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László Károlyi | Dávid Harangozó

Legrand celebrates with state-of-the-art technology

Half a century – the Legrand plant in Szentes, southeast Hungary, celebrates its 50th anniversary in 2011. If you also consider its legal predecessors in Hungary, the period to celebrate is over nine decades.

 

The origin of the Legrand Group dates back to 1860 with a porcelain workshop on the “route de Lyon” in Limoges, France. In 1949, a decision was made to focus exclusively on the production of electrical wiring accessories for installations. Nowadays, Legrand is considered a global specialist in this area and that of information networks, having production facilities in 70 countries, employing some 31,000 people, and distributing its products in over 180 countries.

In 1992, Legrand acquired – through privatization – the Hungarian Kontakta company which had been operating in Szentes since 1961, with its predecessor established in 1919 in Budapest. The CEO of Legrand Hungary, Laszlo Karolyi outlined the development of the company to Diplomacy and Trade by saying that at the time of the privatization, the annual production of accessories by one employee was 9,000, which grew to 55,000 by 2010.

This is due, in part, to an investment of HUF 12.4 billion (EUR 47 million) by Legrand over the past 19 years, as well as to the Hungarian expertise at the Szentes plant, which includes a research and development department dedicated to sustainable development through innovation. Legrand Hungary’s Budapest office is in charge of distributing the Group’s products and services in Hungary.

Legrand manufactures 180,000 different type of products worldwide, of which it sells 30,000 in Hungary. The product range includes – besides switches and sockets – building automatization (e.g., smart solutions) and energy dissipation systems, and even the installation of structured networks.

The CEO, who was named ‘Manager of the Year’ in Hungary in 2009, points out that the aim of Legrand is to involve state-of-the art technology in the creation of products that are easy to install and use – accessories that guarantee effective, time-saving work. The high-tech products all reflect the current trends in design, as well.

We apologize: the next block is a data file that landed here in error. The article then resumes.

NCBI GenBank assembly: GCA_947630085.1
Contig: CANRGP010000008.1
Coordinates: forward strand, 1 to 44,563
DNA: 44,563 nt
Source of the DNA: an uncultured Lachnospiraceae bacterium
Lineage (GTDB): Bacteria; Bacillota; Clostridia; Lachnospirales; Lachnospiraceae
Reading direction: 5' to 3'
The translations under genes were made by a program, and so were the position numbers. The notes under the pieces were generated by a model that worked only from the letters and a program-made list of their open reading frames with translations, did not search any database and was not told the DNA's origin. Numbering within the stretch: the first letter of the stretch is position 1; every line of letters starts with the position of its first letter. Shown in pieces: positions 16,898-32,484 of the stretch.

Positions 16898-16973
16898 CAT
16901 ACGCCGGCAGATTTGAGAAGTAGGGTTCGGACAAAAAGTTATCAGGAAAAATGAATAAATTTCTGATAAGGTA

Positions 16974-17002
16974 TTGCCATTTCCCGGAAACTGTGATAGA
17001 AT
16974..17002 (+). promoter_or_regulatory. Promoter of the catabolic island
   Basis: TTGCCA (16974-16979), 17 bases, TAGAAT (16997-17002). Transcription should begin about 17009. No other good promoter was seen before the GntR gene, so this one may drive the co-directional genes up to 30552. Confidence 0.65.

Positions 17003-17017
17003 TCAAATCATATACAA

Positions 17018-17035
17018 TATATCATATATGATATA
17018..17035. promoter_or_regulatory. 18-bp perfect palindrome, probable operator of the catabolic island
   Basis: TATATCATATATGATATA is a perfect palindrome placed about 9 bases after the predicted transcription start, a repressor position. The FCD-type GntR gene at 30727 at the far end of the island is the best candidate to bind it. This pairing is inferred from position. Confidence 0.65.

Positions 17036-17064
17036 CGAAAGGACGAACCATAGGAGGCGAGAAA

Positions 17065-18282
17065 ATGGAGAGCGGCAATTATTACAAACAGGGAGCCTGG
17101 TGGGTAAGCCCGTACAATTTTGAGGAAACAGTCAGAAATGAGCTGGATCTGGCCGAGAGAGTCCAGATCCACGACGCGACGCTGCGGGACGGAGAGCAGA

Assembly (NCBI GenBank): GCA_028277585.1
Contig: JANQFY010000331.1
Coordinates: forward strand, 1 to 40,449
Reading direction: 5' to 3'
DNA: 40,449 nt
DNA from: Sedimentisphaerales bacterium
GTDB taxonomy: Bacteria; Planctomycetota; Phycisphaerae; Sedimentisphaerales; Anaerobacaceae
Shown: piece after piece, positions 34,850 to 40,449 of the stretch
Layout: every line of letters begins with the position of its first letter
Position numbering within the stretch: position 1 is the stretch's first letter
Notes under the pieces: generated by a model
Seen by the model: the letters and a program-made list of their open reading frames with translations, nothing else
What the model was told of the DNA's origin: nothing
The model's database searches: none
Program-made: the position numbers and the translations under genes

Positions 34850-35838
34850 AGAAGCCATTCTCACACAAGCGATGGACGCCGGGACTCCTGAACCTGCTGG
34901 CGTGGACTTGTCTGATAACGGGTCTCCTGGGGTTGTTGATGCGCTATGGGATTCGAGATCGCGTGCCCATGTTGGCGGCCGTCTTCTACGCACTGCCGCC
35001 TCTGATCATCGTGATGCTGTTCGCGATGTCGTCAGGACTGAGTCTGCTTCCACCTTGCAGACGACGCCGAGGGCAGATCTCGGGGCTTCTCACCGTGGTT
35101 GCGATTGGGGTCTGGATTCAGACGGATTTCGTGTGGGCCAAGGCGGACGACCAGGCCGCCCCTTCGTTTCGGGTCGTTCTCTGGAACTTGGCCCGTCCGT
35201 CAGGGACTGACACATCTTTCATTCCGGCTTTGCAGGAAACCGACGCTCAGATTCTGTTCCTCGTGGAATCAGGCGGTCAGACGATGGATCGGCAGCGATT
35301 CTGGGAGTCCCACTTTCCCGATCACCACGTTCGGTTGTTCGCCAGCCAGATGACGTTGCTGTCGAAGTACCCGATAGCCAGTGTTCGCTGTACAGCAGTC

They do not only serve the purpose of energy efficient operation and convenience in one’s home, but also provide complete solutions for electrical equipment in offices, workplaces, industrial facilities and even in hospitals. Since 2007, Legrand Hungary has been among the country’s top 500 companies, with a turnover of HUF 17.7 billion (EUR 64,3 million) in 2010.

On the occasion of the 50th anniversary, Legrand has announced two tenders for the public with the themes innovation and creativity. The first one – as Laszlo Karolyi puts it – is “for interior designers to create a composition, a sculpture or whatever, using pieces from our product range, to be judged by a jury headed by the rector of the Budapest University of Art and Design”. Members of the jury: Sandor Roman, artistic director of ExperiDance Dance Theater, French Ambassador Rene Roudaut, designer Rajmund Domjan, winner of the Henkel Art Award for international art designers in 2007 and Laszlo Karolyi, general manager of Legrand Hungary.

The other one is for the general public – strictly for non-professionals – where “we expectimaginative photos featuring a Legrand product from an innovative angle.” The winners are announced in September this year. Legrand emphasizes its aims and achievements as well as its social responsibility objectives, primarily in Szentes, with regard to the local community and to the environment. The management promotes healthy lifestyle through campaigns like supporting mass bicycle rides around town on car-free days. Through a joint foundation with the Hungarian Red Cross, Legrand acknowledges and rewards its employees who donate blood.

Cultural and sports activities have also been supported. Outside the local community, the company also helps those in need, the latest example being the provision of accessories for 50 houses and the mayor’s office in Szendro, a northeastern Hungarian town suffering flood damages.

 

Sándor Laczkó

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